USOC names new CEO at critical time for Olympic movement

At a critical time in the Olympic movement, the U.S. Olympic Committee named Sarah Hirshland, chief commericial officer of the United States Golf Association, as its CEO on Thursday. 

Hirshland replaces acting CEO Susanne Lyons and becomes the 12th CEO of the USOC, which has faced criticism from athletes for its role in handling sexual abuse scandals that have engulfed USA Gymnastics, USA Swimming, USA Taekwondo and U.S. Speedskating. 

“The USOC is at a critical time in its history and requires an energetic, creative and inspiring leader who is capable of building on past success while making sure that the athletes we serve are protected, supported and empowered in every possible way,” said USOC Chairman Larry Probst in a statement. “I’m thrilled that Sarah has accepted the position and thankful to the diverse slate of candidates who participated in our process to hire the very best person for this important responsibility.”

Hirshland takes over the organization not only as it seeks to address a sexual abuse crisis in the U.S. Olympic movement, but as it looks to hosting future Olympics. Los Angeles has secured the Games in 2028, and the USOC is expected to put forward a Winter Olympics bid in the coming years.

Hirshland comes to the USOC after nearly seven years at the United States Golf Association, most recently as its chief commercial officer. Before that, she worked for Wasserman Media Group, which is now known as Wasserman.

CEO Casey Wasserman is the chairman of LA 2028.

Lyons had served in the interim since Scott Blackmun, citing health concerns, stepped down in February shortly after the Pyeongchang Olympics. He did not attend those Games as he was being treated for prostate cancer.

Earlier that month, Probst had defended Blackmun as the USOC faced increasing criticism for its role in handling sexual abuse complaints and calls for Blackmun to resign.

“Scott has served the USOC with distinction since 2010,” Probst said at the USOC press conference to open the Olympics on Feb. 9. “We believe he did the right thing at the right time.

In January, the USOC hired Boston-based law firm Ropes & Gray to investigate how it and USA Gymnastics handled complaints they received about Larry Nassar, a longtime doctor for the national governing body.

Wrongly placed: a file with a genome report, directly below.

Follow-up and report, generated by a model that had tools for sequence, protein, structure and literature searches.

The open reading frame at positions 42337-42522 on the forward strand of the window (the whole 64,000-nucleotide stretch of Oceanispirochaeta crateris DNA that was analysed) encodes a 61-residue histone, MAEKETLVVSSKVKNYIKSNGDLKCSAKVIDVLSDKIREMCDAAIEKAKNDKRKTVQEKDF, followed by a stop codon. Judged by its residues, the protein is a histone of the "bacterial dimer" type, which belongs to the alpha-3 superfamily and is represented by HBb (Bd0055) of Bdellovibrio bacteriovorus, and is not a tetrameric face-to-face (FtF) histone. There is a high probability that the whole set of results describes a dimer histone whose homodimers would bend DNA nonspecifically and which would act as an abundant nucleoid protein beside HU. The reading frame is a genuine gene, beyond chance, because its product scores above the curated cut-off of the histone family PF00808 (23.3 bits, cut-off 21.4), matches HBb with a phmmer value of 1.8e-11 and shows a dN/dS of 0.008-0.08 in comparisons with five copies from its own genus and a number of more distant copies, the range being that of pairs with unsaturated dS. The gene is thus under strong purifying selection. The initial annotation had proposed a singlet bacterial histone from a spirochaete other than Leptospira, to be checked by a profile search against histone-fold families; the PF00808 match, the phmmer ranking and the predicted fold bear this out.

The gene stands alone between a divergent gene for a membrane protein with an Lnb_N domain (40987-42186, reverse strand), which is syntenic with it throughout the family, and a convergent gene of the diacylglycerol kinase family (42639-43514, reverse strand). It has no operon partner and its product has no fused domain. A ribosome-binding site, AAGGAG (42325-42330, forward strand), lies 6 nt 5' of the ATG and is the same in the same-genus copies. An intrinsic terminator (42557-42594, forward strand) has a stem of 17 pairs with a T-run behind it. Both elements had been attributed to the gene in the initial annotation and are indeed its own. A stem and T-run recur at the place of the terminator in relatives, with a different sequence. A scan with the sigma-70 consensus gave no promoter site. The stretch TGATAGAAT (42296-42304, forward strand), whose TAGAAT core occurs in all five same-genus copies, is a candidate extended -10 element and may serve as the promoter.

Nassar was a physician at Michigan State for decades. More than 300 women and girls have come forward to allege they were abused by Nassar, including Olympic champions Simone Biles, Aly Raisman, Gabby Douglas, Jordyn Wieber and McKayla Maroney.

Nassar, 54, is serving a 60-year federal sentence for child pornography charges. He was convicted of 10 counts of sexual assault in Michigan and faces a minimum of 40 years in prison after his federal sentence is over.

Prosecutors in Texas last month filed six counts of sexual assault of a child, a second-degree felony.

Then-USA Gymnastics CEO Steve Penny notified Blackmun of the NGB’s concerns about the doctor in the summer of 2015 and that it would be reporting him to law enforcement, Blackmun said in testimony he submitted to Congress last month.

How USA Gymnastics, the USOC and the broader U.S. Olympic movement have addressed reports of sexual abuse has been the subject of three Congressional hearings since Blackmun resigned.

“I am deeply sorry for those who were harmed and horrified that this happened on my watch,” Blackmun wrote to the Senate Commerce Committee in June. “The suffering and brave testimony of the victims and their families will be a painful memory for the rest of my days. Like millions of others, I applaud the courage of the athletes who have come forward. I believe the USOC is responsible for leading the efforts of our (NGBs) to protect their athletes from abuse, efforts which failed in this case. I am profoundly sorry for this failure.”

In May, Lyons testified before a House subcommittee that the organization is examining its relationships with the NGBs and what it requires of those organizations. The governing bodies for each sport effectively operate as independent non-profits but must meet requirements set by the USOC to be certified as the Olympic federation for the sport in the United States.

In recent years, those requirements have expanded to include minimum safe sport standards. In 2017, the USOC required that NGBs change their bylaws to allow them to use the U.S. Center for SafeSport to handle reports of sexual misconduct.

Blackmun’s tenure at the USOC came as it looked for a way to bring the Olympics back to the United States for the first time since 2002. Bids from New York (2012) and Chicago (2016) both failed before Blackmun was hired.

He and Probst worked to repair relationships with the International Olympic Committee and finalized a revenue-sharing deal that had been a source of contention between the USOC and the IOC.

Los Angeles entered a bid for 2024 and a year ago accepted the 2028 Games as part of an agreement with the IOC and Paris to award two hosts at the same time.

The USOC is also looking at a Winter Olympics bid, most likely from Salt Lake City, in 2030.




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